This is a setback for the erstwhile rivals. The FCC told them today that they have until March 26 to fill regulators in on the cross-marketing deals that Verizon struck with Comcast, Time Warner Cable and other cable operators in December as part of a $3.6B agreement that also provides the wireless phone giant with airwave spectrum that the pay TV providers control. The companies said that the marketing deals fall outside the purview of the FCC, which must consider whether transferring the spectrum would benefit the public. The companies added that they’ve given info about the business deals to the Justice Department, which will decide whether the arrangement is anti-competitive. But the FCC says that the commercial agreements are “inseparable from the proposed license transfer.”
Public interest advocates applauded the decision. “We are confident that a full record will conclusively demonstrate that Verizon and the cable cartel’s plans to divide and conquer the communications markets are nothing but bad news for competition and innovation,” says S. Derek Turner of activist group Free Press. But Public Knowledge CEO Gigi Sohn fears that the FCC will keep much of the info private. “The Commission should make certain that a transaction like this, which could reshape the national broadband market, receives the closest scrutiny possible from the public,” she says.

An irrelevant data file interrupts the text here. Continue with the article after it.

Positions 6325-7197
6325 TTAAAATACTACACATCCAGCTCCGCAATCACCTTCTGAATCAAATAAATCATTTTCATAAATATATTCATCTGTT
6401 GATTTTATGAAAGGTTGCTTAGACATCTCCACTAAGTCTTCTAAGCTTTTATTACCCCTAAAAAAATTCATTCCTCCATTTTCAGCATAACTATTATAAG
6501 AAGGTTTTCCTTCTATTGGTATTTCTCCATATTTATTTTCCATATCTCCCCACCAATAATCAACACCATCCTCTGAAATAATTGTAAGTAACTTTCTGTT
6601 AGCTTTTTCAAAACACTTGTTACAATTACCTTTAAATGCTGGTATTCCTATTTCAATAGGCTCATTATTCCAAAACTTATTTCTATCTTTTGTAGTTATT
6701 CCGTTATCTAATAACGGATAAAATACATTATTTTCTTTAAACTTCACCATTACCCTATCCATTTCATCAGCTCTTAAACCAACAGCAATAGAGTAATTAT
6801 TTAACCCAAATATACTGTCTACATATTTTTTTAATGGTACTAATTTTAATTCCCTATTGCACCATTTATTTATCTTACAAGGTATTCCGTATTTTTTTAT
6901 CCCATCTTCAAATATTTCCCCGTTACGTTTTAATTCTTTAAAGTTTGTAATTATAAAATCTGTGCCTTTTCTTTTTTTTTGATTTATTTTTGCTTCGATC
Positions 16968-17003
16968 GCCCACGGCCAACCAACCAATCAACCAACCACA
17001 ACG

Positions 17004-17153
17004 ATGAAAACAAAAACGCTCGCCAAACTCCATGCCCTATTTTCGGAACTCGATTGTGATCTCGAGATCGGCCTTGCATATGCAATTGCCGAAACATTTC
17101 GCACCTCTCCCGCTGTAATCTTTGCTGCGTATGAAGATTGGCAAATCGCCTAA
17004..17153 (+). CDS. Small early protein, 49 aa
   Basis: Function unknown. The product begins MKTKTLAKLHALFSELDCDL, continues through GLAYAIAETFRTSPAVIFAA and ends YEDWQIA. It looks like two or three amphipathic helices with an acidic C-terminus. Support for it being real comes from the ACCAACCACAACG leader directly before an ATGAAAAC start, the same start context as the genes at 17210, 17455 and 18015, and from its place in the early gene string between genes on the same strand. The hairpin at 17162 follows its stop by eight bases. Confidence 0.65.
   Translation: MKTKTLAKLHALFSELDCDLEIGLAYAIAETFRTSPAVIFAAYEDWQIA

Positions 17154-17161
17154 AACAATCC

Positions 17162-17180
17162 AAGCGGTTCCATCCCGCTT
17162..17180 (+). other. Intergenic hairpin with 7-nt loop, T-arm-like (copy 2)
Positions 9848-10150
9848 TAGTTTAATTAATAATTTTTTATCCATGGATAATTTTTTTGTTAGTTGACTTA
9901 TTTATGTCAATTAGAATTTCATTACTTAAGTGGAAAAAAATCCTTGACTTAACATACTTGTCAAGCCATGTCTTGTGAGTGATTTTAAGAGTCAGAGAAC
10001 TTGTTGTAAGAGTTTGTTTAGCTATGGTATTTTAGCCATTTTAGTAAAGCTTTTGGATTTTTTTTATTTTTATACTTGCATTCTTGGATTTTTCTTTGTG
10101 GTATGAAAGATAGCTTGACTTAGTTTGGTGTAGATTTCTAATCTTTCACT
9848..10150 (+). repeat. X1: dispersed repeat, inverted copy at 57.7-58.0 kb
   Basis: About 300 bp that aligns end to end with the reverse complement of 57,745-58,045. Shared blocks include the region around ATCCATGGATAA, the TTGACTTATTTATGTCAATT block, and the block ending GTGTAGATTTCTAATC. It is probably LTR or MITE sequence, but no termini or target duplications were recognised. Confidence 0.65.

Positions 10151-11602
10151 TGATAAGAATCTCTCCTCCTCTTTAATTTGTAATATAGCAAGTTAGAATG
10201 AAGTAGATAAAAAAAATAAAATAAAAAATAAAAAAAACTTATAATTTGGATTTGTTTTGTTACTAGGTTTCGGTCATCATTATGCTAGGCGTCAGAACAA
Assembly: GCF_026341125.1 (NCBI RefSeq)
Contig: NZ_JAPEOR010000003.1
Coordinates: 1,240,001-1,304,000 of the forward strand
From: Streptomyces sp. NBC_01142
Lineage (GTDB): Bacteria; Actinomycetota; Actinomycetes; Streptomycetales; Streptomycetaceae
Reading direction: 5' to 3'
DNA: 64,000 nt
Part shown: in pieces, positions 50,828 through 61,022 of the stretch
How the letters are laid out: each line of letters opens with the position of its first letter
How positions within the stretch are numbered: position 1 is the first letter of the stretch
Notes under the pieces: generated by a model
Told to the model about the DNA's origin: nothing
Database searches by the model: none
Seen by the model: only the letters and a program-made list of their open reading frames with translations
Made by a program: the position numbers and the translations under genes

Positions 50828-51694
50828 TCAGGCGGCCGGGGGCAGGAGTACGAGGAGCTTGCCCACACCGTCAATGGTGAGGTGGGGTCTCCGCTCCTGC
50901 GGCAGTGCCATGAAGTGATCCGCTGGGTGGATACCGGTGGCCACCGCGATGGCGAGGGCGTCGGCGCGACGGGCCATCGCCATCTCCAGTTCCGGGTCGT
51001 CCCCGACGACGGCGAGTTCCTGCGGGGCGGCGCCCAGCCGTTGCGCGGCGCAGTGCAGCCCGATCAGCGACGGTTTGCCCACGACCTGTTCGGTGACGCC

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Comcast says that it presented “compelling evidence” that the deals with Verizon “provide substantial consumer benefits without any reduction in competition. We will continue to cooperate with the Commission’s review of these matters and look forward to a timely resolution.”
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